The world of technologies recently is buzzing with a new terminology: “networked analytics”, which was marketed as the technology behind cloud-based Business Intelligence solution from Birst (recently acquired by Infor). Such breakthrough is expected to help businesses to manipulate data much better than what we are currently doing.
Out-of-hand data volumes are a serious problem. Conflicting, duplicated, different interpretations of the data can lead to poor business decisions. Before, organisations relied on their centralised IT department to analyse data but with the booming of mobile devices, virtualisation and cloud apps, it is no longer feasible to follow the old path.
In this day and age, data needs to be woven in a proactive network analytic system that allows a more in-depth understanding of insights as well as provides only one single source of truth.
Networked analytics was born to solve the problem of virtualising the entire Business Intelligence ecosystem and transforming the organisation from application developments to user-centric data mashups and content.
What is networked analytics?
Have you ever wondered how Netflix works? They do not just randomly suggest shows to you and wish you might like them, but rather, they learn from your previous viewing data and make suggestions accordingly. That is analytics.
Analytics for enterprises collects data from staff’s devices, wireless metric, mobile applications and WAN data, analyses them all and generates the results that you are looking for. In short, networked analytics seeks out patterns and trends from series of intertwined networks, platforms of data and statistics.
Networked analytics connects BI instances to create a shared analytical fabric that enables businesses to spread their BI platforms to different regions, departments and customers. The ability to utilise networked analytics to enable smarter and data-driven decisions is critical for every business.
Legacy Business Intelligence and analytics platforms force businesses to choose between agility and governance. With networked analytics, such trade-off is avoided as a network of virtual BI instances can be created with the purpose of achieving speedy deployment and accessing deep, robust insights with ease.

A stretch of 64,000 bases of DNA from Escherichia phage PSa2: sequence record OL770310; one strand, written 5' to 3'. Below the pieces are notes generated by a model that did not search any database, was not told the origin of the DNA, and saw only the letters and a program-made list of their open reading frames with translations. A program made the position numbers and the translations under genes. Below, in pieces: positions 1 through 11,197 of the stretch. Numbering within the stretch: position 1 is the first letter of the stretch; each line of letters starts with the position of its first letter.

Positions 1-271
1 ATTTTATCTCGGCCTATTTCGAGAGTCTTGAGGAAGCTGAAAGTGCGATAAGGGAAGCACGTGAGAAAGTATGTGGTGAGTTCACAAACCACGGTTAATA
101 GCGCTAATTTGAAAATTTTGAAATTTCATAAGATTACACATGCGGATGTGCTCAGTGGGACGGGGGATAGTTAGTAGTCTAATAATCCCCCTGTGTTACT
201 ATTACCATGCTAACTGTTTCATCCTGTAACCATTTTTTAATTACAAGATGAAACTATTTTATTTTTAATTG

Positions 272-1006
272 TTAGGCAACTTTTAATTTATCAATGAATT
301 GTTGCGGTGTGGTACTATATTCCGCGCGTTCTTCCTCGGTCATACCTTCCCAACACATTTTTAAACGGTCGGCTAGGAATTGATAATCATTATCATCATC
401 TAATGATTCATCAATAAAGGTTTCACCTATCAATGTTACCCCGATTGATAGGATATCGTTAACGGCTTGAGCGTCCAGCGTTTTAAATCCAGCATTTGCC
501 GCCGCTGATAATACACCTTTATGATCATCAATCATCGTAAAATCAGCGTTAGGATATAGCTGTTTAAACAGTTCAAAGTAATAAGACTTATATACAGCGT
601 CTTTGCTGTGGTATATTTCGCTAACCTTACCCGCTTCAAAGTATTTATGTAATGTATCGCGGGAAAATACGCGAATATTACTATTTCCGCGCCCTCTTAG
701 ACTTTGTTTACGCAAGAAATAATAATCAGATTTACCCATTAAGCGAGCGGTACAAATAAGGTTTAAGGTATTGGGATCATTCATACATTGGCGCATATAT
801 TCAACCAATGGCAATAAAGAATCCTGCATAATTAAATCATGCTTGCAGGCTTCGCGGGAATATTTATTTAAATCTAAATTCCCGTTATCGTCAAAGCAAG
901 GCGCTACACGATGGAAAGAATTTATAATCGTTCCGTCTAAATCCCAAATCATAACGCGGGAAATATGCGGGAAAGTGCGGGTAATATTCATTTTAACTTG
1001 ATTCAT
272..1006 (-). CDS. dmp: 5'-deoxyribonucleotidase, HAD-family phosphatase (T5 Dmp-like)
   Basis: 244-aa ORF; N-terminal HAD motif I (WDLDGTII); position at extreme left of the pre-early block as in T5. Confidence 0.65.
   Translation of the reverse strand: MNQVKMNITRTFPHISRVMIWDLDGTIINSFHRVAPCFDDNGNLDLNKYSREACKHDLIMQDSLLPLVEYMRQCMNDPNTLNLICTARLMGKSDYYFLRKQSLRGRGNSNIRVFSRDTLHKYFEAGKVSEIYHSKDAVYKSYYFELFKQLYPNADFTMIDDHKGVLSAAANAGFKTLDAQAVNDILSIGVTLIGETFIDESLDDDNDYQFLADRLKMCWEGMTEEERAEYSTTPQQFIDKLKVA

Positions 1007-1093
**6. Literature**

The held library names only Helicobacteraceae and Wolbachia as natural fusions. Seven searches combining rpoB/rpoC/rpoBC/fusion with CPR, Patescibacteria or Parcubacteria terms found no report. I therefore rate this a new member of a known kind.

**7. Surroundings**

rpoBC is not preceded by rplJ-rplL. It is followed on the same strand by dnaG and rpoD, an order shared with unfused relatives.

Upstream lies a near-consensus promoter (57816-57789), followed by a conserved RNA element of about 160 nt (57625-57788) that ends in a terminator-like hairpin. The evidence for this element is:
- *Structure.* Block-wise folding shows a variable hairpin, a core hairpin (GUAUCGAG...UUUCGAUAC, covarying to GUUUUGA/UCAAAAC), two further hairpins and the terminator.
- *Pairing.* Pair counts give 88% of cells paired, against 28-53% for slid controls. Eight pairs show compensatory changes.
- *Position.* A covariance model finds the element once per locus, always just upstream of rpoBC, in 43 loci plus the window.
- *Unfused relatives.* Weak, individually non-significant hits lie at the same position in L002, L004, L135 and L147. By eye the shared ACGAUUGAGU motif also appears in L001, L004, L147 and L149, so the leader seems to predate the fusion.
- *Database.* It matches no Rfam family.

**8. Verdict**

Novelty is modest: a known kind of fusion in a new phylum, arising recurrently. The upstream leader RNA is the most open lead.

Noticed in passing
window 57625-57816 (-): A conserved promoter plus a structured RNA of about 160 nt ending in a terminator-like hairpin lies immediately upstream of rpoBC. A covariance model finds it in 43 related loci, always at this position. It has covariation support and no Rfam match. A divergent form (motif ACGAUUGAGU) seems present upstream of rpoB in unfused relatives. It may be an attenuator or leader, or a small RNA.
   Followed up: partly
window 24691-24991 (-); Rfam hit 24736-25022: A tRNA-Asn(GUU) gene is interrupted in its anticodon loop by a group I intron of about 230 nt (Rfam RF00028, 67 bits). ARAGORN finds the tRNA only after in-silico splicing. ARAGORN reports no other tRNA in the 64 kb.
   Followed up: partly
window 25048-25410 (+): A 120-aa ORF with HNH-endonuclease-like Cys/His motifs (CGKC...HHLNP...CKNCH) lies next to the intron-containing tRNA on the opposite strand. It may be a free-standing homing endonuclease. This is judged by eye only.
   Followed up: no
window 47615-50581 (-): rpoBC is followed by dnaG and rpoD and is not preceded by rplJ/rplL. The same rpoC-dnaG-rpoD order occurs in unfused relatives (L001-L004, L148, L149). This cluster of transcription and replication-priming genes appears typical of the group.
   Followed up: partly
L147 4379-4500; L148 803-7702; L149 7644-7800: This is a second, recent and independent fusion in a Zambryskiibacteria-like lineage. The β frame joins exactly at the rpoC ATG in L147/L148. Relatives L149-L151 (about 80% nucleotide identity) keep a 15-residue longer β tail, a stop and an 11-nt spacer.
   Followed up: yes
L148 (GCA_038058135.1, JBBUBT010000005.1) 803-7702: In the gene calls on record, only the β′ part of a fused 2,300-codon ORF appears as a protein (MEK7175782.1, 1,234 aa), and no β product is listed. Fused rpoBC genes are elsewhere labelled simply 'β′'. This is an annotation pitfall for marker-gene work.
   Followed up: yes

What can we do with networked analytics?
As an organisation expands over time, their data volume subsequently increases as well. Being able to utilise analytical tools to make sense of the data in amidst of the chaos can help businesses to significantly reduce any information silo and generate much more accurate decisions.
Networked analytics eliminates these silos once and for all via its shared analytic fabric that is accessible and extendable by everyone within your organisation. Such capability allows organisations to scale instantly as the requirements change.
Moreover, networked analytics enables transparent governance as it can consolidate internal and external data sources without duplicating them, thus reduces admin resources and costs for IT BI.
Decentralised groups are given the freedom to tailor the analytical fabric with local data to suit their needs without impacting the global governed data or any other groups.
Networked analytics can also be valuable to software vendors as a great addition to any application by utilising its network of virtual instances. Vendors can reach new customers and provides agility and speedy services without recreating physical metadata, data, and BI content.